Thursday, November 25, 2010

Forgotten Music Thursday: Arlo Guthrie - Presidential Rag (1974)

I've been searching in vain for some appropriate music that would allow me to combine today's Thanksgiving holiday with Forgotten Music Thursday. Unfortunately, the only Thanksgiving song I could come up with was Arlo Guthrie's "Alice's Restaurant Massacree," and that epic is hardly forgotten. However, with Guthrie on my mind while perusing my old LP collection, I came across a song from his 1974 eponymous album called "Presidential Rag," a very dated but totally cool political screed ripping the late President Richard Nixon for his roll in the Watergate scandal.

There really isn't a whole lot to write about concerning "Presidential Rag." The best way to appreciate the song is to just listen to it. History buffs and those of us who are old enough to remember the whole sordid affair will understand and maybe sympathize with Guthrie's anger while leaving everyone else out in the cold.  Trust me, I'm not trying to start a political argument on what is exclusively a music blog but I thought this song was good enough to be raised from the dead one more time.

To help you reminisce here are the lyrics and an audio clip of one of Guthrie's best political treatises.

Thursday, November 18, 2010

The Cat Empire - Cinema (2010)

The ska music and the party vibe are a little less prevalent than on previous releases and the lyrics are a bit more serious on Cinema, the latest CD from The Cat Empire. On "Reasonably Fine" they offer the following thoughts, "I lost my shoes, I lost my wife, I lost my keys, I lost my kite, and though I'm young at heart I'm so much older." However, don’t let lyrics such as these prevent you from stomping your feet or singing along with the Aussie horn band at your next Saturday night keg tapping because the combination of a scratchy turntable, a percussionist, and a drummer can make any set of lyrics danceable.

The eccentric lead vocals of Felix Riebl and Harry Angus are still pleasing, the rhythm section continues to burn, and the keyboard work of Olliver McGill is outstanding once again, especially on the coda to "Shoulders" and on the electronics that dominate "Only Light."

Of course, great musicianship rarely matters if the songs don't penetrate your soul and these eleven tracks most certainly do. Despite the often melancholy mood the guys overall positive attitude toward both life and their music help the band avoid sounding depressed. To lighten things up Angus doesn't forget the band's love of all things Caribbean and he proves it on the chorus to "The Heart is a Cannibal," a passage that will surely remind you of 10cc's "Dreadlock Holiday."

It would be almost impossible for Cinema to be as great as their masterwork, Two Shoes, but don't let that stop you from allowing it to take over your brain. While it's a set that sounded like generic pop music upon initial exposure it grows more rewarding with every spin because of the varied nuances and subtleties The Cat Empire employ in their tunes.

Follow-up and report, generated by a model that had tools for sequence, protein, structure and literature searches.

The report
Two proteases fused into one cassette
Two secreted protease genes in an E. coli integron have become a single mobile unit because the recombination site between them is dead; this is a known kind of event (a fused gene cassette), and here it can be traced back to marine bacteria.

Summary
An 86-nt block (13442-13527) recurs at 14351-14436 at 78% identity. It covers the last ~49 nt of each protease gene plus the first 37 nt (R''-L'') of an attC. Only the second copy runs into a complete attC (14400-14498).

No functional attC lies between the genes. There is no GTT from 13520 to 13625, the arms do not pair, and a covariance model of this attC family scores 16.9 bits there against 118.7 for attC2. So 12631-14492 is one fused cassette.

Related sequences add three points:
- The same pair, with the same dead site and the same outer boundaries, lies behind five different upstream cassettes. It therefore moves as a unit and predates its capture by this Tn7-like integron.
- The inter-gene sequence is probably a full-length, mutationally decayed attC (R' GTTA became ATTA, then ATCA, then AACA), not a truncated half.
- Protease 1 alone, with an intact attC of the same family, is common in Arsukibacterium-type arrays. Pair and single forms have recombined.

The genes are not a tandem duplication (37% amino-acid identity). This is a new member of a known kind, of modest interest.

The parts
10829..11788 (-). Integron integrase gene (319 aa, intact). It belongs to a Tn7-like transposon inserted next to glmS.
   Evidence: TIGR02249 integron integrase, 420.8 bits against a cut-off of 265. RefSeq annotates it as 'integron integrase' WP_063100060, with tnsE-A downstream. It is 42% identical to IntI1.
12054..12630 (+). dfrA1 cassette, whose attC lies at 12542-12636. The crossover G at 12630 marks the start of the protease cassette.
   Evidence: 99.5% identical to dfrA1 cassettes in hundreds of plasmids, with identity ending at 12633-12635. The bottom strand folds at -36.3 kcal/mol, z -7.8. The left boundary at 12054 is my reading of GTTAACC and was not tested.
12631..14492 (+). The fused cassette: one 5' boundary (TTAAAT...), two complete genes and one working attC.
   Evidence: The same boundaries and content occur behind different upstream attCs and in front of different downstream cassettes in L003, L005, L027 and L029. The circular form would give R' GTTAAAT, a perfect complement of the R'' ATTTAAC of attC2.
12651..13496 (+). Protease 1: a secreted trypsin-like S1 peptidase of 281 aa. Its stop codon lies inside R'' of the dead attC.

The sextet and their horn section appendage have been consistently good throughout their career and Cinema, their fifth CD, is no exception.

Thursday, November 11, 2010

Lucy Schwartz - Life In Letters (2010)

It only took all of two minutes listening to twenty year old Lucy Schwartz to realize that she should demand stardom. On Life In Letters, her second full length CD, the singer-songwriter composed some top notch pop-rock songs, vocalized with gusto, and played a pretty mean piano. She did it all with the confidence and professionalism of a performer twice her age.

In some ways Schwartz is already a veteran. Her songs have appeared in the movie Shrek Forever and on TV's Grey's Anatomy, Brothers and Sisters, ER, Private Practice, and Parenthood. She has also played live on The Tonight Show with Jay Leno.

Mitchell Froom, who also worked with Elvis Costello and Paul McCartney, ably handled the sessions, producing full sounding arrangements that enhance Schwartz's easily accessible melodies that get inside your head and just won't leave. The two opening tracks, "My Darling" and the single, "Graveyard" are tailor made for radio. The title track, "Shadow Man," and "Those Days" aren't far behind.

Schwartz also composes mature lyrics. On "Graveyard" she intelligently sings, "And you know you’re not there/When the wind in your hair goes right through you/And you know that you’re gone/When the sound of a song cannot soothe you/And it’s a difficult burden to bear/When you’re not quite there." The cryptic opening verse to "Rain City" proves that she has a lot to say. "This city’s always raining/When you haven’t got a coat/I once was a grand pianist/But I can’t recall a note." The lyrics to this breakup song coalesce as the song progresses and it's so full of wisdom that it feels like it had to be written by somebody much older than a young lady barely out of her teens.

It's rare when an artist can do it all but on Life In Letters Lucy Schwartz proves that she is a complete package.

Listen to "My Darling" and the official music video to "Graveyard."

Thursday, November 04, 2010